What is the main idea of A Defence of Reason by Percy Bysshe Shelly?

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Karen P.L. Hardison | College Teacher | eNotes Employee

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The main idea of A Defence of Poetry is really a simple one. The majority of Shelley's essay lays out arguments in support of the main idea. Shelley asserts that poetry is the herald of beneficial changes in the world because poets, including the celebrated poets of Shelley's age, are the prophets and legislators of the world.

Shelley defines poetry as generated by a force unlike and even opposite to reason. He says reason synthesizes thoughts and "enumerates" their "qualities" while preserving the "differences" of their qualities. Shelley claims imagination, not reason, as the seat of poetry and says imagination analyzes thoughts and perceives the "value" of their qualities while preserving the "similitude of things," the similarity of things. Reason and imagination are thereby shown to have opposite natures and functions. He further defines poetry as music with melody and harmony:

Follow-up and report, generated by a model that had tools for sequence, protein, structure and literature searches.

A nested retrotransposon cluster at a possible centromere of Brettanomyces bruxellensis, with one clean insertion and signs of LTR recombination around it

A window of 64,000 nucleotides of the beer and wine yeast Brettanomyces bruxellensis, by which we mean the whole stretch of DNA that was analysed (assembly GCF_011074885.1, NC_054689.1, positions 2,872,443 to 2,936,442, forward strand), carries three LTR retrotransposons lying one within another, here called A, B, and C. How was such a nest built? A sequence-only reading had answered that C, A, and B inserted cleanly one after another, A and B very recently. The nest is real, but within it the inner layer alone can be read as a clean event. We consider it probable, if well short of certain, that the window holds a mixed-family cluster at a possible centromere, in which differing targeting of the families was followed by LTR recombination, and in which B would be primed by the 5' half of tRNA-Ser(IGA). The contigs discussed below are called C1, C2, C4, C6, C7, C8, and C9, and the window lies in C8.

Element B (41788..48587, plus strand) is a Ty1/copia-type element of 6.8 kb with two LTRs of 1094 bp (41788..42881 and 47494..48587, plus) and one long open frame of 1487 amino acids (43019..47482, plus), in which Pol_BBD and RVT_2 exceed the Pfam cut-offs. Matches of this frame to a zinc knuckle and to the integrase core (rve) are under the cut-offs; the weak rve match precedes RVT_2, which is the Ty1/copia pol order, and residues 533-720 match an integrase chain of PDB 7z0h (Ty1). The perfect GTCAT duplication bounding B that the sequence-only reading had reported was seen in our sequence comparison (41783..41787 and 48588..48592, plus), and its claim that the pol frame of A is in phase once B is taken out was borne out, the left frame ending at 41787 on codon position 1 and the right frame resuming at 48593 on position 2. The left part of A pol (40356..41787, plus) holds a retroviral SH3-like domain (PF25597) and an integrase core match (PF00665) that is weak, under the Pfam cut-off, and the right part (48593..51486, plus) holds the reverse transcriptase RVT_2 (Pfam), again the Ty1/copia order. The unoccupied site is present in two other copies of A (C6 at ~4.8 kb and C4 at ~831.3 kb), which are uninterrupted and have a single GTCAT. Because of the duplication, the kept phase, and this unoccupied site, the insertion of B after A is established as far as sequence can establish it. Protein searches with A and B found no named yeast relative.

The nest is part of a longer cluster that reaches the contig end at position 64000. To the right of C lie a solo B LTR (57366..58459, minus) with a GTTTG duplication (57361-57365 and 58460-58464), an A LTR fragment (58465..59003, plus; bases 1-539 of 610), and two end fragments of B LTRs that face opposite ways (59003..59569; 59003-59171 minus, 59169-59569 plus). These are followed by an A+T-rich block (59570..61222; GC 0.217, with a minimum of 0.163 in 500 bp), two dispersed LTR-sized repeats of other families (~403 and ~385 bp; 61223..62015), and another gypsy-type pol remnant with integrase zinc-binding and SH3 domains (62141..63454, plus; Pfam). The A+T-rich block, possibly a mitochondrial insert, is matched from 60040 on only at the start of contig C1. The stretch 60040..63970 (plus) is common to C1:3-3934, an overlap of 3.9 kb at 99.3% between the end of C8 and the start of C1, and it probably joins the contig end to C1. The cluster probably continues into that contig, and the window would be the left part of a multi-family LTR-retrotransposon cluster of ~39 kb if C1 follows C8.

Poetry ... produces not melody alone, but harmony, by an internal adjustment of sounds.

He then goes on to lay a case for understanding poets as the "institutors of law," the "founders of civil society," the "teachers," "prophets," and "legislators" of the world. He suggests that it is these capacities that press poetry and poets into the forefront position of receiving the "wind" of futurity as an "ever-changing wind over an Aeolian lyre" from which vantage point they are:

The most unfailing herald, ... of the awakening of a great people to work a beneficial change in opinion or institution.

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